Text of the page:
Al mismo tiempo que autoridades educativas de alto nivel se comprometen en la

    implementación de políticas educativas a nivel regional y nacional para alcanzar dicho objetivo, en la práctica, se aprecia que el resultado de elecciones en diferentes países europeos y americanos muestra un avance de la ultraderecha al poder político.

    Caracterizado por el nativismo, autoritarismo y populismo (Mude, 2013) el discurso político de la ultraderecha está basado en la xenofobia etno-nacionalista y el regreso a los valores más tradicionales, el fascismo y el nacionalismo (Akkerman, 2012; Rydgren & van der Meidenv, 2016; Rydgren 2018).  Además, como asevera Kováts & Põim (2015) estos movimientos políticos han comenzado abiertamente una misión casi religiosa de poner fin a la ideología de genero. A su vez los avances de la ultraderecha tienen efectos colaterales en los otros partidos tradicionales que tienden a seguir el discurso migratorio restrictivo para evitar perder los votos de sus electores potenciales.

     

    Con el fin de discutir las posibles implicaciones del avance del discurso de la ultraderecha en la formación de las políticas públicas de educación inclusiva y equitativa, esta ponencia analiza las estrategias educativas propuestas en programas políticos a nivel nacional y regional de dos partidos de ultraderecha emergentes en España y Suecia.

    Partiendo de la concepción teórica de política educativa como texto y discurso (Touraine, 2000, Ball et alt (2012), Rizvi & Lingard, 2013, Dubet, 2016) el estudio presentado en esta ponencia está basado en un análisis crítico de discurso (Fairclough, 1995, Wodak y Meyer, 2003, Pini, 2009, Van Dijk, 2000, 2009 y 2012. ) de programas electorales a nivel regional, nacional y europeo del partido español Vox y el partido sueco Sverigedemokraterna durante el periodo 2018-2019.

     

    Principales resultados

    En la formación de políticas públicas de educación la propuesta de la ultraderecha es el establecimiento de un currículo monocultural y monolingüista basado en la cultura de la mayoría, con un enfoque nacional.  A nivel de gestión su propuesta sigue las tendencias políticas internacionales neoliberales incentivando tanto la privatización como la libertad de elección de centro. Pero también estas políticas de la ultraderecha suponen una paradoja a los principios más elementales de educación inclusiva y equitativa. Supone la finalización de políticas comprehensivas que promueven la equidad. Se apuesta por políticas que refuercen el mérito y capacidad individual.

    En esta ponencia se discute también la posibilidad de extender este análisis al estudio de la formación de políticas públicas de educación inclusiva y equitativa en otros contextos nacionales europeos y americanos donde se registre un avance importante de la ultraderecha en el gobierno y el parlamento.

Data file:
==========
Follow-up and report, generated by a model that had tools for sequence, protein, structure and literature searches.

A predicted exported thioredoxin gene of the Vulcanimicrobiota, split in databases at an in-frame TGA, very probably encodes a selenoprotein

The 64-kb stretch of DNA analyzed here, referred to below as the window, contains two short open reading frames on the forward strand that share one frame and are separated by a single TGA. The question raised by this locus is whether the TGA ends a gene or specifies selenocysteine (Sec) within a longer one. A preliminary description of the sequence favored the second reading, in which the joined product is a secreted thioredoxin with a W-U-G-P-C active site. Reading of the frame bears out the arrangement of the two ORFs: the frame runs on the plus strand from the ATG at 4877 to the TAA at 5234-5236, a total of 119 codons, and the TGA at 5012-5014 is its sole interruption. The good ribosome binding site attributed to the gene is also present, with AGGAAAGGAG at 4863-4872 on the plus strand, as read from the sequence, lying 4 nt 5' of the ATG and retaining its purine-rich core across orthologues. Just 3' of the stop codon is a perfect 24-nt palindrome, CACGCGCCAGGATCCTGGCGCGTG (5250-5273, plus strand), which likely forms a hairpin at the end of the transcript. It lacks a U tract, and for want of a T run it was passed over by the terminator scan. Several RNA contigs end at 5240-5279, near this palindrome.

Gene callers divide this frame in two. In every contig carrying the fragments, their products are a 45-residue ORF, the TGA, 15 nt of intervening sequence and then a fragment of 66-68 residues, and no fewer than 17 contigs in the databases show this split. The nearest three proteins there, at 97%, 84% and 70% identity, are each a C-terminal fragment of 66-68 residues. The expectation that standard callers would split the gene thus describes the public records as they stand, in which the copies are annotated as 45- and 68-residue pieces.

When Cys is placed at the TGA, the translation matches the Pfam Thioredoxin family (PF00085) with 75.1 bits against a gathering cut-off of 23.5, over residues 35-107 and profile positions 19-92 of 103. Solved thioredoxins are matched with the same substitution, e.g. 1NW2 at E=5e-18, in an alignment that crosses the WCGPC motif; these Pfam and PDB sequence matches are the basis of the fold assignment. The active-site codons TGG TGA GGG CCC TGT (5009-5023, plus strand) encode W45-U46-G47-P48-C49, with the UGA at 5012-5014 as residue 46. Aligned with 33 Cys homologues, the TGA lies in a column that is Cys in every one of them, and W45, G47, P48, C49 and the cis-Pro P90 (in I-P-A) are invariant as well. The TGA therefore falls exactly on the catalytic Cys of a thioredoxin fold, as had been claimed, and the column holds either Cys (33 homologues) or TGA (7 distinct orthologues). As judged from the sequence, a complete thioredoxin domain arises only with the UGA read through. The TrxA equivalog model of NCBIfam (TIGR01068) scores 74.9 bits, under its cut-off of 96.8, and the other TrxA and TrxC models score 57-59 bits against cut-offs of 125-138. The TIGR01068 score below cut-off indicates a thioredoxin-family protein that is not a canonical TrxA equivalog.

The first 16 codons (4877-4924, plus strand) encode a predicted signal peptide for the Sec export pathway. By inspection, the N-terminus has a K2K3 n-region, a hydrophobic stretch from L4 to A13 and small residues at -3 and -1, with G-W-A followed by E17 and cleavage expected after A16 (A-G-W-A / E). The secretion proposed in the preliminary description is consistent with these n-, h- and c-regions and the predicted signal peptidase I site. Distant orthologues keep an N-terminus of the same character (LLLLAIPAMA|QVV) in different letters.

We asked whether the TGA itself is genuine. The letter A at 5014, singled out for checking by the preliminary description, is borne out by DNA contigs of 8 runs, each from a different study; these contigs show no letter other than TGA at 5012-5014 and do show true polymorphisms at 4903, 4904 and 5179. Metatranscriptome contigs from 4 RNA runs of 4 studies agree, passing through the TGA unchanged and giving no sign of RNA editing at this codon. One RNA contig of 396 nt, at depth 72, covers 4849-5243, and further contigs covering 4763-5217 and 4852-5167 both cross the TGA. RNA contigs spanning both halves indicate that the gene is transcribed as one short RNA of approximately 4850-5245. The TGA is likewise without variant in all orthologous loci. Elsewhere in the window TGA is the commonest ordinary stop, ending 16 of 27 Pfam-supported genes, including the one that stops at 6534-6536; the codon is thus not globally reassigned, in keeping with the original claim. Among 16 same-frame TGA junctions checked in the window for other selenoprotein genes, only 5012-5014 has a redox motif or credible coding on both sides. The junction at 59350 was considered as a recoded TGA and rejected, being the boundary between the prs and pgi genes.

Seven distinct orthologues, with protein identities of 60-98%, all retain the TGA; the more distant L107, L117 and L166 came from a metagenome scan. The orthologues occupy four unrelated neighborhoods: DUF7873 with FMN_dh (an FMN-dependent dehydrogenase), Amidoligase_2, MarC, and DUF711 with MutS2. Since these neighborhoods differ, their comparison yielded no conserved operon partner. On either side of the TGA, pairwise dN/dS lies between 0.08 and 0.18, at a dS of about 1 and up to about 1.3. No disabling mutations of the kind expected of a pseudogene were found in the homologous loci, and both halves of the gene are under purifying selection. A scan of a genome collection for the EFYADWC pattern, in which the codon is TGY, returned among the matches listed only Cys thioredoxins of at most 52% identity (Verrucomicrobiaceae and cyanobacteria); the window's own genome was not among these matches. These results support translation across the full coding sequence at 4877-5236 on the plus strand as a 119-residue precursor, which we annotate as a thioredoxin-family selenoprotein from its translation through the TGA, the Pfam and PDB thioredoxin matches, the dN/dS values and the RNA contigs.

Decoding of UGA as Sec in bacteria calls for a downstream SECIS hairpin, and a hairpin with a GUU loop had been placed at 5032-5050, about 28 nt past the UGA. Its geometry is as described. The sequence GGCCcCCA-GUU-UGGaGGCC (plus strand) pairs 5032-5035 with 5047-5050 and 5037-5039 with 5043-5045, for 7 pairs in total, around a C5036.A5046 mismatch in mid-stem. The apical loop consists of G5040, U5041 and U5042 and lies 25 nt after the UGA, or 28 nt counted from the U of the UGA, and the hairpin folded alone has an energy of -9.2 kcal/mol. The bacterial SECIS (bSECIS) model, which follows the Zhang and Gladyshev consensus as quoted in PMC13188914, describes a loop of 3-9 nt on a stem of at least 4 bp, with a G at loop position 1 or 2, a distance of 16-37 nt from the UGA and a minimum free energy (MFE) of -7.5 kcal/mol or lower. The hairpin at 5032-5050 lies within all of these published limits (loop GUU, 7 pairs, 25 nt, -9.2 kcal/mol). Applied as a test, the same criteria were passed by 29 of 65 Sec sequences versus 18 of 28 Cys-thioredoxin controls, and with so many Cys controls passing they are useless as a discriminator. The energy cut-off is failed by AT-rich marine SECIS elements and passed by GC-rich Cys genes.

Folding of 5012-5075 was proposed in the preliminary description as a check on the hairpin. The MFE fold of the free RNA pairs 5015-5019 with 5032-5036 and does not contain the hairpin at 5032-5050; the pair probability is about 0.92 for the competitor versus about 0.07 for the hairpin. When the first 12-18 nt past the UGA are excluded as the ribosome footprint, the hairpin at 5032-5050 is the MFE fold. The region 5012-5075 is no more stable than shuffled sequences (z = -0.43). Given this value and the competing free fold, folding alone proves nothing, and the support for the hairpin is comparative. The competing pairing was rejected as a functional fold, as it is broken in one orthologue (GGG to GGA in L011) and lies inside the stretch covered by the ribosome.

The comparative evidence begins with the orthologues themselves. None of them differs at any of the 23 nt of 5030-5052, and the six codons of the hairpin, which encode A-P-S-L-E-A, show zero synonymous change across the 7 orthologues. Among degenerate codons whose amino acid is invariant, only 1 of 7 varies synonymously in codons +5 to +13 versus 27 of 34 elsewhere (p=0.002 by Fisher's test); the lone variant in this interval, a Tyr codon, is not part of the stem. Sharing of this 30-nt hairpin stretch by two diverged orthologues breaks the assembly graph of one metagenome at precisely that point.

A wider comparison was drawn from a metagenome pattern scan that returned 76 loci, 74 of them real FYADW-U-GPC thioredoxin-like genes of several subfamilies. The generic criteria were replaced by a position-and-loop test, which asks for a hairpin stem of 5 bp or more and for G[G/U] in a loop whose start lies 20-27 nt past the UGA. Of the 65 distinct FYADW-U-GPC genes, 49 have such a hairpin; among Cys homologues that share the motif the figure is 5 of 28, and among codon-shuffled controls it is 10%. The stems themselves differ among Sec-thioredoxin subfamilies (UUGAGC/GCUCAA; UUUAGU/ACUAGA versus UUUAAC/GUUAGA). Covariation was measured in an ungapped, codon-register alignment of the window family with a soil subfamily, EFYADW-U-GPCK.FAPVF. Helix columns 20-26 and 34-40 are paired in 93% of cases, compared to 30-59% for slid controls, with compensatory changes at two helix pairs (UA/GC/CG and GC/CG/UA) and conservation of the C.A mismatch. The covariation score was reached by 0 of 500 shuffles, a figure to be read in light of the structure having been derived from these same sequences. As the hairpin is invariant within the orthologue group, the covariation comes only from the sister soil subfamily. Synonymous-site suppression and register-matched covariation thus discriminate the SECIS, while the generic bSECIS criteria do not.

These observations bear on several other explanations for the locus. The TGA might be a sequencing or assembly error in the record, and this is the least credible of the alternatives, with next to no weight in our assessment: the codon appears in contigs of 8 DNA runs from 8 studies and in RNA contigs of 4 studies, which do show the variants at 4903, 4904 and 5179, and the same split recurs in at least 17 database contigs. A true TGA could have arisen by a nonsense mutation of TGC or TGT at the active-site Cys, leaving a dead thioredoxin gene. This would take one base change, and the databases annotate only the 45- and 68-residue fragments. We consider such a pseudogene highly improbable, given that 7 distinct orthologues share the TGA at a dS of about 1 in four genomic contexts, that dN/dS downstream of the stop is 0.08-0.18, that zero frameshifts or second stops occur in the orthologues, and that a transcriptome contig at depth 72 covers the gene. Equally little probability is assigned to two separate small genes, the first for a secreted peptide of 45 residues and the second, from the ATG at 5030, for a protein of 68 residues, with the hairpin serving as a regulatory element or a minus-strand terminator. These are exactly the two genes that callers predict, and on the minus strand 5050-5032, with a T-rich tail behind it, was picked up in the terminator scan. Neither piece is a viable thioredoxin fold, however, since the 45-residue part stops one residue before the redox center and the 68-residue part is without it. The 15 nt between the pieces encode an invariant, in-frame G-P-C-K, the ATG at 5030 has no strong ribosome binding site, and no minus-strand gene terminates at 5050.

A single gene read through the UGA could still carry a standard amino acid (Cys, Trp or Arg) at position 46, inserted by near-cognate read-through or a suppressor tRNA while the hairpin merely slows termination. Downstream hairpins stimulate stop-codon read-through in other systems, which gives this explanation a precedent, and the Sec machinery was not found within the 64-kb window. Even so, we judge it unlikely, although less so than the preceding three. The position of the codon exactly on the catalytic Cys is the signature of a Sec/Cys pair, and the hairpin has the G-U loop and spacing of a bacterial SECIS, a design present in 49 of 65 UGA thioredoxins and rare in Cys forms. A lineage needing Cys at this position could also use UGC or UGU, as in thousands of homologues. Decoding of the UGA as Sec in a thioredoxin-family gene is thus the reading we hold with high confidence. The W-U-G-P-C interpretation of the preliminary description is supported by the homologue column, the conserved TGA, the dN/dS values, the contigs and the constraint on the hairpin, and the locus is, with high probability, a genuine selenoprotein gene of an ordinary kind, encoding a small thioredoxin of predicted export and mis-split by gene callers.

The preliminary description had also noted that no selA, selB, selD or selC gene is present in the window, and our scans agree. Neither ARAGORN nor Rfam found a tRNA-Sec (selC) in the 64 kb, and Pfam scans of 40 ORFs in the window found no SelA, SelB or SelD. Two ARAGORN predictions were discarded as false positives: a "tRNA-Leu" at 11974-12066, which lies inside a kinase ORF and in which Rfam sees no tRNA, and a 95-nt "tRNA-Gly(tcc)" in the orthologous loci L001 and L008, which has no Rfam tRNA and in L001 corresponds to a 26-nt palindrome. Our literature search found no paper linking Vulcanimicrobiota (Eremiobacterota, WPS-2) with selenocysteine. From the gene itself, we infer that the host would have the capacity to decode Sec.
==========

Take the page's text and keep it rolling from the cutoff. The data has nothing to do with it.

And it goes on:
• 20.
    Heldt Cassel, Susanna
    et al.
    Högskolan Dalarna, Kulturgeografi.
    Mörner, Cecilia
    Högskolan Dalarna, Kulturgeografi.
    The Legacy of Mining: Visual Representations and Narrative Constructions of a Swedish Heritage Tourist Destination2011In: Tourism, Culture & Communication, ISSN 1098-304X, E-ISSN 1943-4146, Vol. 11, no 1, p. 1-15Article in journal (Refereed)
    Abstract [en]

    This paper examines the marketing and management efforts that have been undertaken to make the Falun World Heritage Site a successful tourist destination in terms of hegemonic, visual representations and narrative constructions. Visual representation is assumed to be a vital aspect of the construction of narratives used to promote tourist destinations. The idea of a narrative as something that constructs sites as comprehensible places through visual representation can be used to illuminate the logic of heritage tourism and branding destinations. The paper argues that representations of a heritage site that are closely related to hegemonic ideas of the site’s history are not necessarily the most profitable ones. If the heritage site is to contribute to local development and tourism, it is essential to understand what the representations of heritage communicate. Using the Falun World Heritage Site as a case study, the article aims to show how the attraction of a site can be hindered by hegemonic assumptions of its history, and therefore of its most interesting and valuable aspects. Analyses of Falun’s marketing, as well as the site itself, show that the constructed hegemonic narratives about the Falun Mine primarily concern men, masculinity and nationalism. Visitors are offered an opportunity to take part through narratives of the Swedish Great Power Period, as constructed and experienced by male geniuses and male mineworkers. These are the stories that correspond to the hegemonic view of those who manage and market the site.

  • 21.
    Iqbal, Asifa
    University of Gävle, Faculty of Engineering and Sustainable Development, Department of Computer and Geospatial Sciences, Geospatial Sciences.
    Inclusive, Safe and Resilient Public Spaces: Gateway to Sustainable Cities?2021In: Urban Transition - Perspectives on Urban Systems and Environments [Working Title] / [ed] Marita Wallhagen and Mathias Cehlin, IntechOpen , 2021Chapter in book (Other academic)